I've not had a formal mentor since childhood. One of the more profound mentoring experiences from my parents' teaching was hard-won accomplishments are their own reward. Mastering the easy stuff is like picking carnival novelty prizes from a zirconium bedazzled tray. The easy way rarely is genuinely easy. It was a hard lesson to learn that the hard way is easier than the easy way.
My writing mentors haven't been formally my mentors. They've been teachers and professors and writers and fellow poets and others not directly engaged in writing coincidentally providing insights from sharing their learning and accomplishments and failures. I remember years after any one said or showed something that stood out that stuck with me. A high school writing, literature, and publishing teacher showed me the difference between a tension building plot and a defusing tension plot, though it would be years later before I fully grasped the concepts of tension, causation, and antagonsism. He also gave me some insight into the difference between an awkward metaphor and an estranging one, again, decades later I'd finally grasp what he tried to say succintly but I couldn't quite grasp.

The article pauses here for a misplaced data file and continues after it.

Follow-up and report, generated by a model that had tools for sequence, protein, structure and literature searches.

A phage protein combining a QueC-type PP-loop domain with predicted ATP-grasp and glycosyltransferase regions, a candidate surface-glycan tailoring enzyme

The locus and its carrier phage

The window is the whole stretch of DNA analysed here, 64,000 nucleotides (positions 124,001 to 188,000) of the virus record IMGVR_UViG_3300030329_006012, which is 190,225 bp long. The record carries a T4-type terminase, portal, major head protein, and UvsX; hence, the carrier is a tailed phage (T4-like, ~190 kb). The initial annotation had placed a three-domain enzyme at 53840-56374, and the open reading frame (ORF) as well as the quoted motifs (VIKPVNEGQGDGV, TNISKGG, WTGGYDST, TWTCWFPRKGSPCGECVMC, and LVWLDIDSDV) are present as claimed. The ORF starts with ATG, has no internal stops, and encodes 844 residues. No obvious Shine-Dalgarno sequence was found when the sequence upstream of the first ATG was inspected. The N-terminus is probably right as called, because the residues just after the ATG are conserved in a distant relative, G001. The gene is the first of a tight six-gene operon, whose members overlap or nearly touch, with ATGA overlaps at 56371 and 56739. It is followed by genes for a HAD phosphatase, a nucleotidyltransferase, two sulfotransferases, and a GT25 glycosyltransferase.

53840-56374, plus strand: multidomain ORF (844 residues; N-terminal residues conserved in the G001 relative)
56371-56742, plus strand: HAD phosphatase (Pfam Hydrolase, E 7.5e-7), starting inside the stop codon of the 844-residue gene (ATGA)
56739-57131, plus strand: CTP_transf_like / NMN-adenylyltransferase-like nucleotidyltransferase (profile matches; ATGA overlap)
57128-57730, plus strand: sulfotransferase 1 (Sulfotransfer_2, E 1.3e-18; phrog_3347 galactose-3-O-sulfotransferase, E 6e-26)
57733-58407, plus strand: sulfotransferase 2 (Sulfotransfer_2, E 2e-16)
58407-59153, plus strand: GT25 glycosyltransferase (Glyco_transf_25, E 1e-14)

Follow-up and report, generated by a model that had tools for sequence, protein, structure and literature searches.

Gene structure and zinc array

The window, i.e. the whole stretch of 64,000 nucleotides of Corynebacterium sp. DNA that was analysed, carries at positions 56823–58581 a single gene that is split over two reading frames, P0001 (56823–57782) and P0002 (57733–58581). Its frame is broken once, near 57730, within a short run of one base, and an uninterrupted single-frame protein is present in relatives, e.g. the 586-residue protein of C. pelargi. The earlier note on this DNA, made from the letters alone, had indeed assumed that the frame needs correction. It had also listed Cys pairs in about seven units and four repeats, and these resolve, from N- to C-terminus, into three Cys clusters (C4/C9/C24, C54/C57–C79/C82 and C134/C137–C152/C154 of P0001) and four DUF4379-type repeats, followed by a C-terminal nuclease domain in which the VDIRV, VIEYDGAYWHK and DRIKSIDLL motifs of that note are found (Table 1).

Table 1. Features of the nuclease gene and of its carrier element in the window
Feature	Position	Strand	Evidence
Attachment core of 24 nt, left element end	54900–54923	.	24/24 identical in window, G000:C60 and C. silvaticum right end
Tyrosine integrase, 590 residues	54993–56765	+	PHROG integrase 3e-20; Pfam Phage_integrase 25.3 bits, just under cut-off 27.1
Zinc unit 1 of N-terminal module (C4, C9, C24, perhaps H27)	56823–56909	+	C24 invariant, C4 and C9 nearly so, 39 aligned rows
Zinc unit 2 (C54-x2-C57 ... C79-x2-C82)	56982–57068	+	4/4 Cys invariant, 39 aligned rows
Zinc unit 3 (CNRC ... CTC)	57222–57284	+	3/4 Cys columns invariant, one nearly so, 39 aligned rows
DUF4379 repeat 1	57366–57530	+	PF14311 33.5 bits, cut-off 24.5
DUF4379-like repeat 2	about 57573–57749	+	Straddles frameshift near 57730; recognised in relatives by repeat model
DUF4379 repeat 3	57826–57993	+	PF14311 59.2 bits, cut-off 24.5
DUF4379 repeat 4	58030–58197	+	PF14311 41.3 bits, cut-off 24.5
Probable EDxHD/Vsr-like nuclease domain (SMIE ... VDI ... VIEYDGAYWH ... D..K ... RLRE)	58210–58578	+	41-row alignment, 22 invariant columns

I've done hundreds of hours of writing coursework, had many ancilliary mentoring experiences as a consequence, and taken a lot of time to grasp the full ramifications of the unintended, insightful, ancilliary bits. Mentors learn from their mentees because they learn by teaching. It's a dialogue.
Perhaps not too terrribly odd, some of my better mentoring experiences came from studying writing-related topics that have little immediate connection to writing. Social sciences, physical sciences, math, foreign languages, for example. Social sciences like sociology, political geography, psychology, and anthropology have significant influences on writing, and are themselves influenced by writing. Freud began his investigations into psychoanalysis with the literature available to his times. Oedipus at Colonus by Sophocles 400 BCE playing large in Freud's emerging theories of psychoanalysis. One recently vogue area of literary theory and interpretation revolves around lay psychoanalysis of literature.
I'm disinclined to having or being a formal mentor. The relationship dynamics of formal mentorship become complicated by power struggles. I don't want to wind up a clone of someone else's viewpoints and attitudes nor impose my vision on someone else's. On the other hand, I prefer a dialogue relationship, where I give and take, locate a trail head, but leave trail blazing to the traveller. Have a trail head located for me. Then the journey is the traveller's, fresh, new, and vital because it belongs to the traveller.
The most profound mentoring experience I've had, started by my parents and early childhood teachers, continued by others throughout the journey of life, journey of a poet's progress, was the hardest won and most rewarding. I learned without being told or shown that the journey is the reward. The hardships, the sorrows, the all too few joys are the prizes. Reaching the destination is reaching the end of the journey. Even the most trying obstacles have been fun and rewarding to surmount. It's been too much fun to give any of it up.
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